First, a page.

Two former senators and two incumbent ones are among the respondents in the third batch of big personalities who face plunder charges in connection with the pork barrel scam, a highly placed source privy to the case told The Manila Times on Friday.
The source, who declined to be identified, refused to name names, only revealing that they are perceived to be allies of President Benigno Aquino 3rd.
His revelation came as Justice Secretary Leila de Lima also on Friday hinted that plunder charges will be filed against Batch 3 composed of government and private individuals who are accused of pocketing huge kickbacks from the Priority Development Assistance Fund, or pork barrel, coursed through fake non-government organizations (NGOs) owned by now jailed businesswoman Janet Lim-Napoles.
The Justice chief clarified that there are actually two sets of cases being readied by the National Bureau of Investigation (NBI).
The third batch of cases will be filed before the Office of the Ombudsman anytime this month.
De Lima said lawmakers, officials of the NGOs and officials or employees of implementing agencies, including Napoles, are respondents in the third batch.
She did not give details on the background or identities of the third batch of alleged plunderers. But some respondents are new personalities, who were not included in the first two batches.
De Lima, however, said the officials are in the same level as the three senators—Juan Ponce Enrile, Jose “Jinggoy” Estrada and Ramon “Bong” Revilla Jr.—who were included in the first batch of plunder cases filed previously. Early this week, the Ombudsman indicted the three senators. Pending resolution of any motion for reconsideration, the Sandiganbayan is expected to issue arrest orders against them before the start of litigation.
Former Customs Commissioner Rufino Rozzano “Ruffy” Biazon led the second batch of pork barrel-related cases with 33 others. This batch was submitted to the Ombudsman in November for resolution.
The NBI is ready to file the two new sets of pork barrel-scam complaints, according to de Lima.
“It is now only a matter of deciding which one to file first,” she told reporters.
Asked how many will be charged in the third batch, de Lima said she was not sure.
In the first batch, plunder cases were filed against Enrile’s chief-of-staff Jessica Lucila “Gigi” Reyes, Revilla’s chief-of-staff Richard Cambe, Enrile and Estrada’s alleged representative Ruby Tuason, Estrada’s staff Pauline Labayen and Technology Resource Center Director General Dennis Cunanan, among others.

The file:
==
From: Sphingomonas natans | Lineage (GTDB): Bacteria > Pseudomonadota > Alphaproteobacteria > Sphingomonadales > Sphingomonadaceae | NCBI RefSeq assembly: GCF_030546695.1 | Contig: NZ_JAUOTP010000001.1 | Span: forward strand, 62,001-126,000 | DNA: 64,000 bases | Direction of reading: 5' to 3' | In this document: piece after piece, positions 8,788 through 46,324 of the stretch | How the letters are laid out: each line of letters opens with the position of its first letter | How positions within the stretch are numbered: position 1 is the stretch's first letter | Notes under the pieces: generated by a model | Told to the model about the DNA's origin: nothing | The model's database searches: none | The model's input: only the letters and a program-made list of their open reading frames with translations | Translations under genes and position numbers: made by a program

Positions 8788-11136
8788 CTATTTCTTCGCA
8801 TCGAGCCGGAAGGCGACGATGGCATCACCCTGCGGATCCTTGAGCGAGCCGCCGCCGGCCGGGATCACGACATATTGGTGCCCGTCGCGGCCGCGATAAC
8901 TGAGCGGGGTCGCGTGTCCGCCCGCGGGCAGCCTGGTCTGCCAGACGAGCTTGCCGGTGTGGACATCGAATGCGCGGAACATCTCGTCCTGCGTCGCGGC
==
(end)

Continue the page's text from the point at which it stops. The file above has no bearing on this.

Tuason and Cunanan’s applications to the Witness Protection
Program were accepted temporarily.
The decision on whether senators involved in the pork barrel scam should be punished rests solely with the Senate, which is under the leadership of Senate President Franklin Drilon, a staunch Palace ally and partymate of the President.
According to Malacanang spokesman Edwin Lacierda, Sen. Miriam Defensor-Santiago’s call for the Senate to investigate their other colleagues who were alleged to have dipped their hands into their PDAF is something that is covered by the chamber’s own rules.
“But there are rules and procedures in the Senate as to when a particular senator may be suspended and those rules have been mentioned by [Drilon],” Lacierda told a news briefing on Friday.
“The call for the senators to go on leave is best addressed to their own judgment,” he said.
Lacierda, a lawyer, explained that while he supports the call for due process, there are effective rules in place when it comes to suspension of any legislator from the House or the Senate.
“I think that is something that the senators themselves, as a body, should discuss and… My impression and my belief is that there are already rules in place for the senators and for the Senate as a body to discuss. So, we would rather not discuss that comment in a separate branch of government,” he said.
On Thursday, Santiago said that since the Office of the Ombudsman has found sufficient evidence to file plunder and other criminal charges against Enrile, Estrada and Revilla, the Senate leadership should also initiate an investigation into complaints against other senators who allegedly “misused” their own pork.
Santiago noted that the Ombudsman’s move to indict the three senators should serve as a wake-up call for the Senate to conduct another inquiry, this time focused on several senators who are suspected to have released their pork barrel to organizations controlled by Napoles.
The yet to be convened Senate committee on ethics should pursue the inquiry, she said.
Other senators whose names cropped up in the course of the probe of the pork barrel controversy are Gregorio Honasan 2nd, Loren Legarda, Ferdinand Marcos Jr. and Vicente Sotto 3rd.
The four have issued denials.
Santiago suggested that Enrile, Estrada and Revilla should be detained in an ordinary jail together with other ordinary detainees once they are charged with plunder and ordered arrested by the Sandiganbayan.
Since plunder is a non-bailable offense, she said, her colleagues should be sent straight to jail.
With Joel M. Sy Egco